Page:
May 04, 2017 Aerospace & Defense

Securing the E-Enabled Aircraft

By Alex Wilson

Alex Wilson

Aviation Electronics Europe has just finished in Munich. The show continues to grow and this year was no exception, with some interesting keynotes from EASA and Airline for Europe, A4E. I noticed the UK standing out in Europe (no surprise there) for being having the highest Passenger Tax across all the European countries!

I was presented a couple of papers for Wind River, on FACE™ and Cybersecurity. Wind River VxWorks 653 has now achieved conformance certification to the FACE Technical Standard (see the Blog by Chip Downing), but what does that mean to our customers in the rest of the world? I will post a blog on this subject later in the month.

My presentation on Cybersecurity was part of the track “Data Comms & Cyber Security Perspectives” hosted by Willie Cecil, Aircraft Data and Connectivity Systems Specialist, Uptake, USA. This was led by a great presentation from Marc Mautref, Pilots and Aircraft Connectivity Manager, Air France. Marc covered operational aspects of Cybersecurity, including how they use a Risk Assessment framework to manage the ongoing security aspects of operating aircraft safely.

One example Marc presented is that of electronic flight bags which are now using portable electronic devices in the cockpit, adding a new attack vector to the risk analysis. The risk-management framework can cope with this dynamic environment and changing security perimeter, and in this case results in Air France expecting its suppliers to security certify their EFBs.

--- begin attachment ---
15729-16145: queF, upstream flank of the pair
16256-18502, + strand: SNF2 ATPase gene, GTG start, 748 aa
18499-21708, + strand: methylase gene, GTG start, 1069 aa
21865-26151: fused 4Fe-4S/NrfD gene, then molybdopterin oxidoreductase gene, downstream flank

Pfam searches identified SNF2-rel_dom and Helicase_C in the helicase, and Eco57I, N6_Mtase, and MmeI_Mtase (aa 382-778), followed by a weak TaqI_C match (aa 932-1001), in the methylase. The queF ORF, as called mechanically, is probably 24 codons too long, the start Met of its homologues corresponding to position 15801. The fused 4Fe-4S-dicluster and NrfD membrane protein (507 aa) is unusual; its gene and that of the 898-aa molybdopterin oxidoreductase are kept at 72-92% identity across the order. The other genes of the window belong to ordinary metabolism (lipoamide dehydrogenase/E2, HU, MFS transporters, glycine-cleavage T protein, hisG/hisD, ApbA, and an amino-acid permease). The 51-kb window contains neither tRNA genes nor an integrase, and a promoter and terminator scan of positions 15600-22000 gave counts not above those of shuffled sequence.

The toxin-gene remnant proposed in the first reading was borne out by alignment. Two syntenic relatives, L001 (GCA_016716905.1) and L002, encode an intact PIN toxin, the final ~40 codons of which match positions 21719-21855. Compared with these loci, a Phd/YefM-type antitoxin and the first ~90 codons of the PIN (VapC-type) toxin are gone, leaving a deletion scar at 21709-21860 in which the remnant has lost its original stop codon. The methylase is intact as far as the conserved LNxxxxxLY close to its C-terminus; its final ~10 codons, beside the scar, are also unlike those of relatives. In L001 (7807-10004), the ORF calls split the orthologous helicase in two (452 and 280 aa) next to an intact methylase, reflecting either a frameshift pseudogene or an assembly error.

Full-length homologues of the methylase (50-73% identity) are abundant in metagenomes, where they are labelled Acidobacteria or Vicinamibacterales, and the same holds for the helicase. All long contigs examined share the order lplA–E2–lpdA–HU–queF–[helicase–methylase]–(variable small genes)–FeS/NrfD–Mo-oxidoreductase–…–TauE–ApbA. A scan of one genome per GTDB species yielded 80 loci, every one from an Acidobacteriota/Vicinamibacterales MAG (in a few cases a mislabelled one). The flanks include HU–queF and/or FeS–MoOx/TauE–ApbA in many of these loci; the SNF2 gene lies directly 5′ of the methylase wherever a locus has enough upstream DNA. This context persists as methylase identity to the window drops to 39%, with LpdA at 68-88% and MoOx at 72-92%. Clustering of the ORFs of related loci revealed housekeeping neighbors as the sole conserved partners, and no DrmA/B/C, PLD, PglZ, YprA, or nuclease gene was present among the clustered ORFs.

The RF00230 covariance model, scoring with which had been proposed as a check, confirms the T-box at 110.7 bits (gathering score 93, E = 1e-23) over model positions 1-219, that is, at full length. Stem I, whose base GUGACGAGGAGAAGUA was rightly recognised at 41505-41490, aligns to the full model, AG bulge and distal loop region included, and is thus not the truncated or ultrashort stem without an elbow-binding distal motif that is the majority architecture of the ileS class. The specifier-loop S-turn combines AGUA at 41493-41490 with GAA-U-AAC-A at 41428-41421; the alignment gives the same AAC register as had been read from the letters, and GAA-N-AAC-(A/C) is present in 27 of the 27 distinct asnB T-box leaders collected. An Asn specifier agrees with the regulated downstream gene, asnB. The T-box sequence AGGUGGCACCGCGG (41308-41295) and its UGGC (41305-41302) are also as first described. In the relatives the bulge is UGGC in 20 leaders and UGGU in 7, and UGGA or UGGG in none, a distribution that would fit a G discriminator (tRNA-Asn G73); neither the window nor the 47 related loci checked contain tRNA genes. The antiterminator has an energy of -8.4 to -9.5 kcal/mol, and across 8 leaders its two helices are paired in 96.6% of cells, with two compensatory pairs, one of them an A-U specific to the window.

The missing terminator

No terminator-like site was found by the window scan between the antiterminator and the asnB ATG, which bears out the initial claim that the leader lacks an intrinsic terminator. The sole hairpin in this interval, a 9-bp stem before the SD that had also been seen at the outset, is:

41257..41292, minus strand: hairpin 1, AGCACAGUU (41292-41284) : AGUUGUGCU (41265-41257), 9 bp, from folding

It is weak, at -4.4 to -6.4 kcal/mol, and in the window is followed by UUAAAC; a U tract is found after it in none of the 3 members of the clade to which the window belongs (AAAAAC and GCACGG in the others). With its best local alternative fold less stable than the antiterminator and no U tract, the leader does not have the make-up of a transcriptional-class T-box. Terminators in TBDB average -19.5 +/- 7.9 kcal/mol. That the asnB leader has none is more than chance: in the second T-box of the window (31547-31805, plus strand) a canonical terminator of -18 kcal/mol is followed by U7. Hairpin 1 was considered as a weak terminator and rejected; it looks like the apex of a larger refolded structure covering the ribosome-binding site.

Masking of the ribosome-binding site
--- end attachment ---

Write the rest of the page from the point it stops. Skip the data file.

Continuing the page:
This fed well into my presentation, which dived a little deeper into aspects of RTCA DO-326A, DO-355, and DO-356. RTCA DO-356 does cover risk assessment in some detail, and I summarised this as part of the presentation, the diagram I pulled from DO-356 matched very well with Marc Mautref’s presentation for ongoing security:

diagram 1

You can get a copy of my white paper  on our website. One concern for OEMs having to meet these standards is the harmonization between EUROCAE and RTCA documents, mainly in DO-356 and ED-203, which take alternative approaches. Work is ongoing between RTCA and EUROCAE to resolve these differences, but until that completes we may need to look at different approaches depending on the end user.

Philippe Lievin, Rockwell Collins then closed the session with an update on ACARS over IP, and the complexity and challenges that involves. This is especially interesting as in order to benefit from data within the aircraft, we have to consider how we get that data out to our analytics services on the ground, which is the trend we see in the marketplace of moving towards an Industrial Internet of Things.

As we consider the Industrial Internet of Things, we see more and more systems being connected to extract valuable data, and this is no exception with aircraft.  However, as I pointed out in my presentation, these standards exist so that we can maintain the excellent safety record we have in the airline industry, and whilst some aspect of cybersecurity may be business-related, it is imperative that we do not overlook the fact that safety of the aircraft, crew and passengers is the most important factor.

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